Tuesday, May 7, 2013

All About the Parsonage . . .


If you've been around here any length of time, you know I love the spark of creative genius that is the soul of The Nester.  {Remember 31 Days of Awesome Relationships?  It's a Haven, Not a Fortress?}

Well, last month she kicked off a great conversation about parsonages.  And wandering through those stories motivated me to do a Seven Questions Interview with a longtime reader of this blog.  She's got plenty to say about the subject of church-provided housing.  And I know her heart is one worth listening to ...
What do our readers need to know right at the top of this interview?
I am a pastor’s wife who lived in three parsonages over a 25 year ministry.  We were blessed to have wonderful congregations who paid for the upkeep of the homes, the initial painting when we moved in, and occasional improvements over time. 
What was your most fun experience in the parsonage?
Having our first open house during the Christmas season and having the senior members of the congregation talk about their memories of events that took place in the house 40 years earlier.  This parsonage had a great history as a former guest house for business men before being moved to its present day location.  During the move, the elders and wives took turns staying in the house to make sure there was no vandalism.  To hear these women in their 80’s reliving an exciting time in their own ministry, "keeping guard" at night as they watched for the "hoodlums" who wanted to ransack the house while it was sitting on top of a wheeled frame, will always stay with me.  It made the house special.
The most maddening?
That’s an easy one!  Being in a church business meeting where the church is looking at the budget, trying to see where they could cut costs.  Someone said that they could save heating costs at the parsonage, if the pastor’s family could put on more sweatshirts during the winter season!  They said it as a joke, but some people shook their heads as if in agreement!  
I think it is a tie between the 45 year old yellow formica kitchen counters with holes in it (which we lived with for over 10 years) or the sight of hundreds of wood roaches crawling up the living room walls, three days after we moved in!  This was due to leaving the parsonage empty for 1 ½ years between pastors with the garage filled with newspapers!  We ended up having to move out for 2 weeks while they fumigated the house and ripped up old carpeting that was infested!
If you could, what's the first thing you'd change about living in church-supplied housing?
It’s hard to pick just one.  I think if given a choice, I wouldn’t choose to live right next door to the church building.  There is not a lot of privacy and there is a prevalent feeling within most congregations that the pastor and family are always available.  I remember being woken up at 11:30pm one night by someone from a group that was meeting at the church and wanted us to lock the church building since the church door didn’t automatically lock when it was closed!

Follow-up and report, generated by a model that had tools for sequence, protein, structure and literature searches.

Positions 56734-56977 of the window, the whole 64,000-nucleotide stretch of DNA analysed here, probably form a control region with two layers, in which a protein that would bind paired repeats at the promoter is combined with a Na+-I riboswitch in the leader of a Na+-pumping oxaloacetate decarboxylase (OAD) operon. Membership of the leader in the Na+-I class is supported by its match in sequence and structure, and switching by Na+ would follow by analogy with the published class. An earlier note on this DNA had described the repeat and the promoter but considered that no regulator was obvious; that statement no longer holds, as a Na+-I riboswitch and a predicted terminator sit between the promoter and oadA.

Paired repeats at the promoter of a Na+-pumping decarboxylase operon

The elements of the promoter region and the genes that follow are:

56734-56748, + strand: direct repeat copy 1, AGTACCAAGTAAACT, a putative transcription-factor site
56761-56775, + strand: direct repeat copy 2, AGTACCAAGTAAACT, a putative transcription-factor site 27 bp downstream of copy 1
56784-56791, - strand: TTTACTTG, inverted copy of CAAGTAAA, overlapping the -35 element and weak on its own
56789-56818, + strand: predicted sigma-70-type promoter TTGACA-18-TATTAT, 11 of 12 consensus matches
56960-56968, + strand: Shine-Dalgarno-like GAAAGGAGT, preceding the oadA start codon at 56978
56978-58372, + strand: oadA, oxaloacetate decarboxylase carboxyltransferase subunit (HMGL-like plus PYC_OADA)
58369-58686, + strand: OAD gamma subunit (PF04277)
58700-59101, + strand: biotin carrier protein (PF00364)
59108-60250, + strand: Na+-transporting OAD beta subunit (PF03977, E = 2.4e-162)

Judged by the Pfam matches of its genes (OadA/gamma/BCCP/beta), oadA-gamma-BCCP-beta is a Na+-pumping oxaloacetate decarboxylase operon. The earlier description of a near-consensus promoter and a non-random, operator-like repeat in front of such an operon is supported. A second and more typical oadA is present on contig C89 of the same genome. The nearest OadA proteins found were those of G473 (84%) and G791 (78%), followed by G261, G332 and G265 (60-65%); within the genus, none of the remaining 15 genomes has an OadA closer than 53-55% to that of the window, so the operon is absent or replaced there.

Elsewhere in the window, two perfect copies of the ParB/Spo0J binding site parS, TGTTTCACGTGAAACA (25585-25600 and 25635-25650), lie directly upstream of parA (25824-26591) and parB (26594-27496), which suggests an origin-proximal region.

I would also check to see who had keys to the house!  I remember after one move, I was upstairs unpacking and came downstairs to find a woman I didn’t know, trying to change a ceiling light fixture with one from her house that she wasn’t using anymore!  She didn’t even attend the church anymore, but had a key from years ago when she led a Bible study in the home!
The other thing I would change would be my attitude.  It is very easy to go from gratitude to greed when you are living in a home that is paid for and maintained by a church.  You start to compare the updates or lack of updates in the parsonage to other people’s homes in the congregation instead of being thankful for what you have been given.
What do churches need to know about the pastor's family?
The pastor’s family isn’t perfect and their home is not going to be kept in the way everyone expects it to be since everyone has different expectations.  Whether it is the kind of flowers in the garden, a bicycle left outside, or how a family decorates, this is their home while they are at the church and people’s discussions about how other pastors' families had arranged things really don't matter!
And what do leaders need to understand about the living spaces they provide their shepherd?
The pastor’s home should be in the same “condition” or have the same “amenities” as the average person’s home in the congregation.  Updates should be done within reason.  When they ask a pastor to choose paint or paper to decorate the home or if appliances need to be purchased or a bathroom/kitchen is being redone, give the pastor a price range to work with or a choice of three appliances.  It is hard to make choices when it isn’t your own home and the people who are paying for it usually have firm ideas as to how they want it to be. 



  1. What a touching, practical, and great article. There's so much to learn from pastors and their families. Their need for their boundaries to be respected and to be appreciated is so essential. The reminder that even joking comments touch on sensitive issues is an important one. Thanks for sharing this!

    1. Yeah, Jonathan, those stupid, insensitive comments can really sting ... and leave wounds that take a long time to heal ...



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